Don’t separate kittens from their mother too soon to prevent you mommy cat from getting stress and anxious. Allow time for maternal bonding.

Kittens rely on their mother not only for nourishment but for emotional comfort and security. Seperating them too early can disrupt the crucial bonding process between her kittens and mother. If they don’t bond, your mother cat may consider them foreign and eat them.

Avoid Breeding Cats Less Than 18 Months Old

Female cats (queens) typically reach full physical maturity around 18 months of age. Waiting until this age ensures that the queen is physically capable of handling pregnancy, labor, and nursing. Younger cats may not have fully developed reproductive systems or may struggle with the physical demands of motherhood, making them prone to eating their kittens.

Cats also need time to develop emotionally and behaviorally. By 18 months, a cat is more likely to have the necessary maternal instincts and emotional stability to care for her kittens. Younger cats may be more prone to stress and anxiety, which can sometimes lead to abnormal maternal behavior, such as kitten abandonment or aggression.

Speak to the Vet to Figure Out Why She Did It and What You Can Do To Protect the Remaining Litter

If you can’t pinpoint the reason your cat eats her kitten consult a vet. The vet will examine your mama cat to check her physical healt and overall well-being. 

Depending on your cat’s behavior, your vet can try to determine the underlying cause and recommend a treatment plan of behavior modification strategies. The vet will suggest measure to protect the remaining kittens.

Other Unexpected Mother Cat Behaviors That Are Completely Normal

Many cat parents wish they could have a secret decoder that explains strange cat behavior after giving birth. Here’s a breakdown of confounding cat action that you can expects.


A queen will care for her kitten intensively during the first three weeks of their lives. During this time, she may be more territorial, nervous, and aggressive than usual.

The aggression is part of her behavior to care for her kitten.

Moving her kittens

Mother cats may relocate their kittens to a different nesting spot within the first few weeks after giving birth. This behavior is believed to be a survival instinct to prevent predators from discovering the nest. As long as the new location is safe and clean, there’s usually no need for concern.


Some mother cats may initially reject one or more kittens from the litter. This can happen for various reasons, including illness or perceived weakness. In some cases, the mother may eventually accept and care for the rejected kittens, but it may be necessary to provide extra care and monitoring.

Ignores kittens

In the first few days after giving birth, a mother cat may spend limited time with her kittens, which can appear as though she’s ignoring them. This is normal, and she usually returns to nurse and care for them once her immediate post-birth needs are met. As the kittens grow, she becomes more attentive to their needs.

How to care for newborn kittens your mother cat can’t take care of

If you find yourself in situations where your cat is not taking care of some or all of her kittens, you should act quickly. Your first step is to assess the situation to determine any underlying medical issues causing the neglect.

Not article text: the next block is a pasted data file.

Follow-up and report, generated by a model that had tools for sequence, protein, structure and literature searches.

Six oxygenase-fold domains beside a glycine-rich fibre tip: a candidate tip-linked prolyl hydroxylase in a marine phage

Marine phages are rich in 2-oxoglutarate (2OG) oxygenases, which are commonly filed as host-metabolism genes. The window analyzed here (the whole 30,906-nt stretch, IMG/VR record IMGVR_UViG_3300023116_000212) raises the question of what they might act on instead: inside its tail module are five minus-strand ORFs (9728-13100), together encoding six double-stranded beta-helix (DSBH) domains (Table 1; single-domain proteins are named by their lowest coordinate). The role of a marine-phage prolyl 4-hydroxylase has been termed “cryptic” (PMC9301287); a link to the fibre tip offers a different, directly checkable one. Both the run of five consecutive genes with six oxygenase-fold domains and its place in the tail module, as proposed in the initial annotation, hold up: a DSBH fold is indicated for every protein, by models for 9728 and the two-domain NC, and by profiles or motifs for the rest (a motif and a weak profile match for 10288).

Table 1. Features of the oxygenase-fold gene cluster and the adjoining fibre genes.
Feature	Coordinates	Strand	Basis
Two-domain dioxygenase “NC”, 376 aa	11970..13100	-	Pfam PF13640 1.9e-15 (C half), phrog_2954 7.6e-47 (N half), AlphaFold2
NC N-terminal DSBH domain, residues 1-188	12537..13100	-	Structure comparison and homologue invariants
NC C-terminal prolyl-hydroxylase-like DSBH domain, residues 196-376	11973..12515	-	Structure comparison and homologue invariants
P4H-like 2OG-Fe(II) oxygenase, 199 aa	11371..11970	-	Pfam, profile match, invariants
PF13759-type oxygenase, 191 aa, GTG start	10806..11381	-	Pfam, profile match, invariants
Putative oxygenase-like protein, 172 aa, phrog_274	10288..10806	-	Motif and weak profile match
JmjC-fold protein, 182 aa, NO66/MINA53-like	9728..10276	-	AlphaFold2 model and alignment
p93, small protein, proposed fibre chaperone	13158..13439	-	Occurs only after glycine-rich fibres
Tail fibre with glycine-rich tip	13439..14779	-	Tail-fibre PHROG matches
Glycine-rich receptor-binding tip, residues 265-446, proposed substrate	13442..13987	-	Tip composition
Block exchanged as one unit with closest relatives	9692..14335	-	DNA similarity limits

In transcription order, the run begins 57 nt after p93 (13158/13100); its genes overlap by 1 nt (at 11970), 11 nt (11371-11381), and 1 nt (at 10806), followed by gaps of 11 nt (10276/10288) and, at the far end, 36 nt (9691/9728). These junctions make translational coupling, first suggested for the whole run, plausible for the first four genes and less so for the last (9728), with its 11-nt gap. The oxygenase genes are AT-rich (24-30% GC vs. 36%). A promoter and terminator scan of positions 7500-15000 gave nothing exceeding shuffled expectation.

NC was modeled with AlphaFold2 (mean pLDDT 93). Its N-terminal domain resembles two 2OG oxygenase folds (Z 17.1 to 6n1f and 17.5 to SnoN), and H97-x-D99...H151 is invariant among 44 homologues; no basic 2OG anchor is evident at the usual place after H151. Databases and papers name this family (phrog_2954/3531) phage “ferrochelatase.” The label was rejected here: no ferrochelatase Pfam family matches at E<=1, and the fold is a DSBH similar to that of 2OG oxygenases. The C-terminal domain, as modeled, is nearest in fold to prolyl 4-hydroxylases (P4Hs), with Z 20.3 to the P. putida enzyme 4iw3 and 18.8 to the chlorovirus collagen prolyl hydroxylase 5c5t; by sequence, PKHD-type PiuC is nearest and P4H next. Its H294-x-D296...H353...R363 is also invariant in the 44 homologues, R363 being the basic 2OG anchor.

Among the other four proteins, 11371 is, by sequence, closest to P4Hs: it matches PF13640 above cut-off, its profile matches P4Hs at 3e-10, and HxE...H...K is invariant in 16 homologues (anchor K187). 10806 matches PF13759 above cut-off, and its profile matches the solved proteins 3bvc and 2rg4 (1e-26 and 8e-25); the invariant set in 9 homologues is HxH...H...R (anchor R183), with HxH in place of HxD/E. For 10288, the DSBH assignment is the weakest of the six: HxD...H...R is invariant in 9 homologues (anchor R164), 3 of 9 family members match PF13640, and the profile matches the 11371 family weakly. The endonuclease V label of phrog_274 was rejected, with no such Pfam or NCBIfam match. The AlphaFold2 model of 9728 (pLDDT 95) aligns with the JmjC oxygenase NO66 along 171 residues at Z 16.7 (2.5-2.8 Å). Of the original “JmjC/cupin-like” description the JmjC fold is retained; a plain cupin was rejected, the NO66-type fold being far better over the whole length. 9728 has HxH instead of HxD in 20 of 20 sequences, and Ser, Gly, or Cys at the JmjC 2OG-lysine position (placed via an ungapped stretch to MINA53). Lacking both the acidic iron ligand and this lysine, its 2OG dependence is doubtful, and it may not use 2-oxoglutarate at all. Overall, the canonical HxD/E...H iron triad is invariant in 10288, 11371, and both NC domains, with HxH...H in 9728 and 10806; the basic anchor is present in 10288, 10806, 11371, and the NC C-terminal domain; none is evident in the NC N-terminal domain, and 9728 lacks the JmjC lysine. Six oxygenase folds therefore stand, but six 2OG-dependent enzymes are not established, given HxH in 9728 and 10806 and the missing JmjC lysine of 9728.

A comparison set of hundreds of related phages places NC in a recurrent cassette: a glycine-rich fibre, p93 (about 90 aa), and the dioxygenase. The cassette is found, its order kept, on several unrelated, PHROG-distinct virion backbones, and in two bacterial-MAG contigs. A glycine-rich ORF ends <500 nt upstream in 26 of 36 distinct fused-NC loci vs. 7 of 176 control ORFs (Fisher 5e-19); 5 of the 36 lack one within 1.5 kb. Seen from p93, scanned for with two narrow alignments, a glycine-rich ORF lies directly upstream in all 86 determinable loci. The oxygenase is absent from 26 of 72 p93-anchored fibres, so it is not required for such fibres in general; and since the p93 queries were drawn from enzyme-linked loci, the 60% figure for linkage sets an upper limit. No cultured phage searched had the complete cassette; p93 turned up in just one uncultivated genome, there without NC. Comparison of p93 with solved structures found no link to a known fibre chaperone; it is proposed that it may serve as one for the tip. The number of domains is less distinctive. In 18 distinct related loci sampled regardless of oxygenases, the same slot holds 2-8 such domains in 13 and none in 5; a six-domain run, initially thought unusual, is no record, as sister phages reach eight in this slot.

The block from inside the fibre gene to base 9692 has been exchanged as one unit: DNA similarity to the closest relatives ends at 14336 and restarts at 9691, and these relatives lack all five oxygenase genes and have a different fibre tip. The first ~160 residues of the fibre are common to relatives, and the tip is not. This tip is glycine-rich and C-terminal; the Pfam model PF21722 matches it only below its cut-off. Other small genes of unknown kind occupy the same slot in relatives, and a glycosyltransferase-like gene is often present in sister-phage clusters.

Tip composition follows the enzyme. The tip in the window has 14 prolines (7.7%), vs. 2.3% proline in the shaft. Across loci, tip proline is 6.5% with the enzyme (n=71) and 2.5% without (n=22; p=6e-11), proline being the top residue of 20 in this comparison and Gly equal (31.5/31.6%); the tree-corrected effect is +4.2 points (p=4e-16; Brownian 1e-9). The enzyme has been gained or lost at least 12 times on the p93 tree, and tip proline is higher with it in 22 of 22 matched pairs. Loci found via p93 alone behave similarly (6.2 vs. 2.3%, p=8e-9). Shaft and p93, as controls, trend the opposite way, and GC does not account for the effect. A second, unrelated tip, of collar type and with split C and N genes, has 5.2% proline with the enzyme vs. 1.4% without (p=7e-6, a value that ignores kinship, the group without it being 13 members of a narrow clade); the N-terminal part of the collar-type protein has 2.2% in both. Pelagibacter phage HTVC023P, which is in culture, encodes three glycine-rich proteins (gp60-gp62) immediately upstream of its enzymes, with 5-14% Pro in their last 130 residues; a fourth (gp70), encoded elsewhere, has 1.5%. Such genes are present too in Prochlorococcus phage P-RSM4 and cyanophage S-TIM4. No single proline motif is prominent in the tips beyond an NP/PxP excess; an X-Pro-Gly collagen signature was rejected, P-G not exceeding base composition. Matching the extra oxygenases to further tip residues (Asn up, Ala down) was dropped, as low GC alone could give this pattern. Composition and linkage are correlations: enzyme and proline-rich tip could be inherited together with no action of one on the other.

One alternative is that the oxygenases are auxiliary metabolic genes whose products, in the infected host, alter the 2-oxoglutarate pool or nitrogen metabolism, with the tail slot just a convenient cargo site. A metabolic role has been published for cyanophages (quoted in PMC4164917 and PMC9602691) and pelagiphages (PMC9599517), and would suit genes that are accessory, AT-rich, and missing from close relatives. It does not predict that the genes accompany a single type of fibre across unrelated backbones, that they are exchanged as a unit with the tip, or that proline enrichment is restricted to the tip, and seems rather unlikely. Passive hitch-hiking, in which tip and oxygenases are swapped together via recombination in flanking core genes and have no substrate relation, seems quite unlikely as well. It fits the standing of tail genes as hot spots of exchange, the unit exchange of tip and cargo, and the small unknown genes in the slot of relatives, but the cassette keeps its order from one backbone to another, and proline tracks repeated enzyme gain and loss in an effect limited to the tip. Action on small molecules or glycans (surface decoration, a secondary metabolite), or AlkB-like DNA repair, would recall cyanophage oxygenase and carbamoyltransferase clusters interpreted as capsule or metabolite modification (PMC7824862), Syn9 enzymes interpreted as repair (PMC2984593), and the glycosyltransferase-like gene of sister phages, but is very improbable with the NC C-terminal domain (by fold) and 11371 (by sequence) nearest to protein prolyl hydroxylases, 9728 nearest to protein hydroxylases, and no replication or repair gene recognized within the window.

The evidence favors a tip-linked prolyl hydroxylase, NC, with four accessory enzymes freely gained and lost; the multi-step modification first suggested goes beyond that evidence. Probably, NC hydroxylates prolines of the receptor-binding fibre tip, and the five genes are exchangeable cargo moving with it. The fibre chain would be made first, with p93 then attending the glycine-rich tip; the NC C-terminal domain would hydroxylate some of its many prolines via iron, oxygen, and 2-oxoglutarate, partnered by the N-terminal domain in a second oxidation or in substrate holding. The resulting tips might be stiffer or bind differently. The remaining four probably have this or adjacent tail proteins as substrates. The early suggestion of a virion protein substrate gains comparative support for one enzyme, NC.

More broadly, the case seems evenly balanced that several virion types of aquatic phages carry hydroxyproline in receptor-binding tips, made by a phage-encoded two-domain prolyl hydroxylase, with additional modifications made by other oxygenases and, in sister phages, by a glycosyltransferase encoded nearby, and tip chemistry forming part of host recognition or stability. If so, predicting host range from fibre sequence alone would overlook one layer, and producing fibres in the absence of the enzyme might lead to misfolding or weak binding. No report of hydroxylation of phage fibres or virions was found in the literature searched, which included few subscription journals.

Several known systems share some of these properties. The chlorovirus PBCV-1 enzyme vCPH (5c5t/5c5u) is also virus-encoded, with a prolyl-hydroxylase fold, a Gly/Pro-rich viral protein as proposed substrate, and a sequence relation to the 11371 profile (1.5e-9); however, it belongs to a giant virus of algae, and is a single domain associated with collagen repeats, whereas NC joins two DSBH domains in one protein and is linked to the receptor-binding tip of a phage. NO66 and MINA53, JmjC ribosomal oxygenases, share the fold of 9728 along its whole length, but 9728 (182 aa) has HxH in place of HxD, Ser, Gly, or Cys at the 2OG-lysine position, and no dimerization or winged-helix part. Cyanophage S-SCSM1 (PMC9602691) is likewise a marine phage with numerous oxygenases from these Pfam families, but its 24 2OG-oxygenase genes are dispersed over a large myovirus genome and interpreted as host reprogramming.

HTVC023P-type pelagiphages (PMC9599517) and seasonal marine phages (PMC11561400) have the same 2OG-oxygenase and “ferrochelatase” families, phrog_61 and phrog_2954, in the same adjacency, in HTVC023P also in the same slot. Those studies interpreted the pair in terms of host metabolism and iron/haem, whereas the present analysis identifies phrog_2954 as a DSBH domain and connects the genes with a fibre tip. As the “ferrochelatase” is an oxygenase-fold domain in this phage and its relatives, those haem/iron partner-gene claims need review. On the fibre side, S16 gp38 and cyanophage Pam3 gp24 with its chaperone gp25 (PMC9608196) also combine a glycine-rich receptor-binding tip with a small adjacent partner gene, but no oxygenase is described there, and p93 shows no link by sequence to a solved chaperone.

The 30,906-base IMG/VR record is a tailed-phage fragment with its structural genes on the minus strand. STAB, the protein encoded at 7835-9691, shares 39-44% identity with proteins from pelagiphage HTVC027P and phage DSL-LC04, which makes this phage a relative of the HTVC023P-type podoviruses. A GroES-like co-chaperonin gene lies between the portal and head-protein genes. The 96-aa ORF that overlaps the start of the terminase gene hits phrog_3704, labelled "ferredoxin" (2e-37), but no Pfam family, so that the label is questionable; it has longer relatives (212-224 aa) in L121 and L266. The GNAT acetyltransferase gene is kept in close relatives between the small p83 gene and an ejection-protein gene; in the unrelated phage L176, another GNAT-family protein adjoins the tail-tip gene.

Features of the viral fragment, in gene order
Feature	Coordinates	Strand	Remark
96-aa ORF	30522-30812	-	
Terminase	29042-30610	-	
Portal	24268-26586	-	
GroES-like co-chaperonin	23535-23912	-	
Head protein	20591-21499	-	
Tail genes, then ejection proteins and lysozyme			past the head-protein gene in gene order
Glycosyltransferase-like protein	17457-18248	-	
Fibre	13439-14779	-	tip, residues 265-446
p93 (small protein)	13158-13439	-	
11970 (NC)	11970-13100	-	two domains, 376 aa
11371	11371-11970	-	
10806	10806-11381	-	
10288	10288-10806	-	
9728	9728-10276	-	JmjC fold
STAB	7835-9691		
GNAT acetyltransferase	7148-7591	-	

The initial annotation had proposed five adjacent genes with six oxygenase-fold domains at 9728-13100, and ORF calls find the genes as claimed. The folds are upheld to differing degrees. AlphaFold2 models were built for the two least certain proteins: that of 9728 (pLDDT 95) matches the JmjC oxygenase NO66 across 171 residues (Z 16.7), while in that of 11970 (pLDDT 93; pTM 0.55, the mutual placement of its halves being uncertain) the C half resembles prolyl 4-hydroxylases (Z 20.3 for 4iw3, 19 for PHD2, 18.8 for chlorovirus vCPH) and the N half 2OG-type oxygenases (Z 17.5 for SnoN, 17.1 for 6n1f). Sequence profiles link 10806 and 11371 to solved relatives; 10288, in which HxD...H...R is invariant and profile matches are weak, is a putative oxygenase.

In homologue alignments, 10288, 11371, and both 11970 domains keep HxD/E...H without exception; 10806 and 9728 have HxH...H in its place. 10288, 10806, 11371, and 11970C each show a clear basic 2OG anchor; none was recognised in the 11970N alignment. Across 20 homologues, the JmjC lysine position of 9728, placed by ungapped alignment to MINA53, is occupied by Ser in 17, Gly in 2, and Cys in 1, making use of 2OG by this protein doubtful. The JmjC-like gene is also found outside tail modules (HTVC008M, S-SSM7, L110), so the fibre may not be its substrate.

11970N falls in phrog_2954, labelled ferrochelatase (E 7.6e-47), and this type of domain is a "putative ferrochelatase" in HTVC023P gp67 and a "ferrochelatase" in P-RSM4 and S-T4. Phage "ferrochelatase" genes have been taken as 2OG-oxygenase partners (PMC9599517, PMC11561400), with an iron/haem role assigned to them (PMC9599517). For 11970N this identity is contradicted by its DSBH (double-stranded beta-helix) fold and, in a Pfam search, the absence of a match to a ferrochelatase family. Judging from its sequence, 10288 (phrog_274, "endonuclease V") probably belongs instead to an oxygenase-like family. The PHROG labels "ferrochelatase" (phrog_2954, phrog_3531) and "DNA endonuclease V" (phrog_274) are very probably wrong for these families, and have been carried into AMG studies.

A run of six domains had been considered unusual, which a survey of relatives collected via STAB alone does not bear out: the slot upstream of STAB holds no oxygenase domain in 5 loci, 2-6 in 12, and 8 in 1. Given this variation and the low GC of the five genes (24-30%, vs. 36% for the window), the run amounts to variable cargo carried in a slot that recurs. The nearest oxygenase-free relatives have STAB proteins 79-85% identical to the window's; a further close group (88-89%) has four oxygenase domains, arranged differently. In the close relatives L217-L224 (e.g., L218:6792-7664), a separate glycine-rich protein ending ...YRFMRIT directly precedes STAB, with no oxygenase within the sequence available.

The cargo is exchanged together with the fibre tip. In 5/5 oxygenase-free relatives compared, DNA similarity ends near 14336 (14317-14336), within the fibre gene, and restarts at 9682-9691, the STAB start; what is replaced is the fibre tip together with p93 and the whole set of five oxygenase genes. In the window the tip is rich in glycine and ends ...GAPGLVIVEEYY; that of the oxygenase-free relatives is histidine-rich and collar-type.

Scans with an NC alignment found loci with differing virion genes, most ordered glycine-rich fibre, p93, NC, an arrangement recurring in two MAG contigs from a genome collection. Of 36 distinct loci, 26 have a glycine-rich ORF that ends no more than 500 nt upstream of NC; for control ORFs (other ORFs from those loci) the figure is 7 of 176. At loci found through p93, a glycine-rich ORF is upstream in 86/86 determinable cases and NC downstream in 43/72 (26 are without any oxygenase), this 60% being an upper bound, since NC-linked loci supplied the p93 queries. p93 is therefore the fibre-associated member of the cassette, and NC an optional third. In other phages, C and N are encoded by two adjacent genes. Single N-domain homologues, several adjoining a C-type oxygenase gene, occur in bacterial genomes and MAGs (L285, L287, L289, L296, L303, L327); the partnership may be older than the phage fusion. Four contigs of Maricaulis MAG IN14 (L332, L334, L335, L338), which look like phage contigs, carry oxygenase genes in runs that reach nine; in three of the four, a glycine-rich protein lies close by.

If you can’t address the underlying condition of the mother cat, you should get feeding and care supplies you’ll need. These might include:

With all the supply, you can then proceed as follows:

  1. Use the heating pad to keep the newborn kittens warm as they can’t regulate their body temperature.
  2. Kittens need feeding every 2-3 hours. Feed the kittens with the kitten milk replacer (never use cow milk as it isn’t suitable). Use the nursing bottle or feeding syringes with nipple.
  3. Ensure you follow the instruction on the milk replacer packaging.
  4. After feeding, gently par the kitten’s back to help them burp.
  5. Kittens can’t eliminate on their own at start. After each feeding, use a warm, damp cotton ball or soft cloth to gently stimulate the anal and genital area to encourage them to urinate and defecate.
  6. After 3-4 weeks, you can introduce solid food to your kittens.

Why Do Cats Eat Their Babies: Wrapping It Up

The most common reason your cat will eat a kitten is that it was born sick or stillborn. While cats might eat kittens for other reasons, it’s uncommon for domesticated cat.

Eating kittens for any other reason is only common in ferals living in the wild without shelter or food.

Frequently Asked Questions

Do male cats eat their kittens?

Male cats don’t eat kittens and are mostly concerned with protecting their territory and gathering females for mating. There is little to no risk that the father will even get close to the kittens during the first few weeks.
However, a male cat might kill kittens when it want to establish dominance and induce female into heat.

Do cats eat their kittens if you touch them?

No, your cat won’t kill a kitten because you touch them. In rare cases, cats eat kittens because of issues like stress, sickness, female mastitis, birth defects, or stillborn.

Should I separate the kittens and the cat?

It depends. If possible, you shouldn’t separate kittens from their mother until at least eight weeks of age unless recommended by your vet. 
However, some situations might warrant separation, such as:
* When the mother cat is sick or has a contagious disease
* Maternal aggression
* Kitten rejection

About Laura Martin

I'm Laura Martin. I get excited about all things cat related. I love my two cats - Dom and Kitty. When I'm not playing with my two feline friends, you can probably find me hiking. And yes, I have a 9 to 5 job. Although if you asked me I'd rather spend my time blogging and educating other cat moms and dads about what it takes to raise a healthy cat.